Read more: http://benswann.com/nsa-has-complete...#ixzz2p48vDbRd
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12-31-2013, 09:32 AM
  #105
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http://nypost.com/2013/12/30/state-d...acked-deleted/

WASHINGTON — The personal e-mail account of a State Department whis*tle**blower was hacked, and four years worth of messages — some detailing alleged wrongdoing at the agency — were deleted, The Post has learned.
The computer attack targeted the Gmail account of Diplomatic Security Service criminal investigator Richard Higbie, his lawyer, Cary Schulman, confirmed.
“They took all of his e-mails and then they deleted them all,” said Schulman. He said that he could not prove who was responsible for the hack job, but said the attack was “sophisticated” and called the targeting of Higbie “alarming.”
“Obviously, somebody is not happy with something he’s doing and wanted to get that information and also cause him an inability in the future to have ready access to that,” Schulman said.

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01-17-2014, 11:23 AM
  #106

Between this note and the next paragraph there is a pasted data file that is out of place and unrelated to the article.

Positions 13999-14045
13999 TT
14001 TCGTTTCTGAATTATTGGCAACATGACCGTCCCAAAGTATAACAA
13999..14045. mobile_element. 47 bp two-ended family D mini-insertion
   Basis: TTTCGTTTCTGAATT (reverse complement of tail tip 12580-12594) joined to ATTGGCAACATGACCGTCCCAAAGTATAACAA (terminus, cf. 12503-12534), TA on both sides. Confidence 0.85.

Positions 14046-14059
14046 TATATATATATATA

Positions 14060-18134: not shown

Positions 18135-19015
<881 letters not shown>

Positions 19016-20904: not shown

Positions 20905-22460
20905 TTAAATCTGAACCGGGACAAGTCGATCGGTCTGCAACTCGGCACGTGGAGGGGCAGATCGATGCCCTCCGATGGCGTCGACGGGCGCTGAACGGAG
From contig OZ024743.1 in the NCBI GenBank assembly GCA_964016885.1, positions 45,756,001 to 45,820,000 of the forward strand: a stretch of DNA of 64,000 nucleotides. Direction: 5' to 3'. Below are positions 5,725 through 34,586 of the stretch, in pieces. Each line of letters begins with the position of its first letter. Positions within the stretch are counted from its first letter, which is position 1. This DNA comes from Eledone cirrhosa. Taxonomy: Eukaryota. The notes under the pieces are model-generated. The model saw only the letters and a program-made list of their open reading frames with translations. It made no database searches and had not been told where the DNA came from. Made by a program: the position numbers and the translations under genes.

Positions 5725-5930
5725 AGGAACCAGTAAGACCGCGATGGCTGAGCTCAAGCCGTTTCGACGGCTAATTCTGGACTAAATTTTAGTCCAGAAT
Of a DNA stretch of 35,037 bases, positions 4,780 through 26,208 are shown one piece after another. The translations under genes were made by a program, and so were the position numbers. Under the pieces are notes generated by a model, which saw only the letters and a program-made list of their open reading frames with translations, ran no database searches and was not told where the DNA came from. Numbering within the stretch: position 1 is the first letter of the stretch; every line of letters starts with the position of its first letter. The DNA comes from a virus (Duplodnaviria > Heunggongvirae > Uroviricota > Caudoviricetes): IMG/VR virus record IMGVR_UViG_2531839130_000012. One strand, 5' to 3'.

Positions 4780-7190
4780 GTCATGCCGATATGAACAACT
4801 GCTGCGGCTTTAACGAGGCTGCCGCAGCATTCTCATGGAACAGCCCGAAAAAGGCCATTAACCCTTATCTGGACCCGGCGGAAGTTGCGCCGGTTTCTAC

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So Obama just finished making a speech about NSA reforms, which went about how you'd expect something with this much Beltway support to go. Lots of lip service and passing the buck.

http://www.reuters.com/article/2014/...A0G0JI20140117

No more spying on closely allied leaders, so if your name is Angela Merkel or David Cameron, you can rest easy. If not, tough luck.

He called on Congress to establish an outside panel of lawyers that the still-secret FISA courts can call in on large matters, whenever the courts decide that would be necessary. Because if we didn't trust those courts before, now we can totally trust them because they can maybe call in some experts whenever they deem it appropriate. Just like how we trust businesses to call in regulators on their own.

He supposedly tried to get the NSA to stop storing the data itself, instead leaving that data with ISPs and phone companies, but none of them wanted to take on the responsibility of storing all that extra data so that's still a work in progress. This sounds oddly familiar, like that time Obama tried to get Gitmo prisoners onto actual American land, but none of the states wanted to take them. How did that work out again?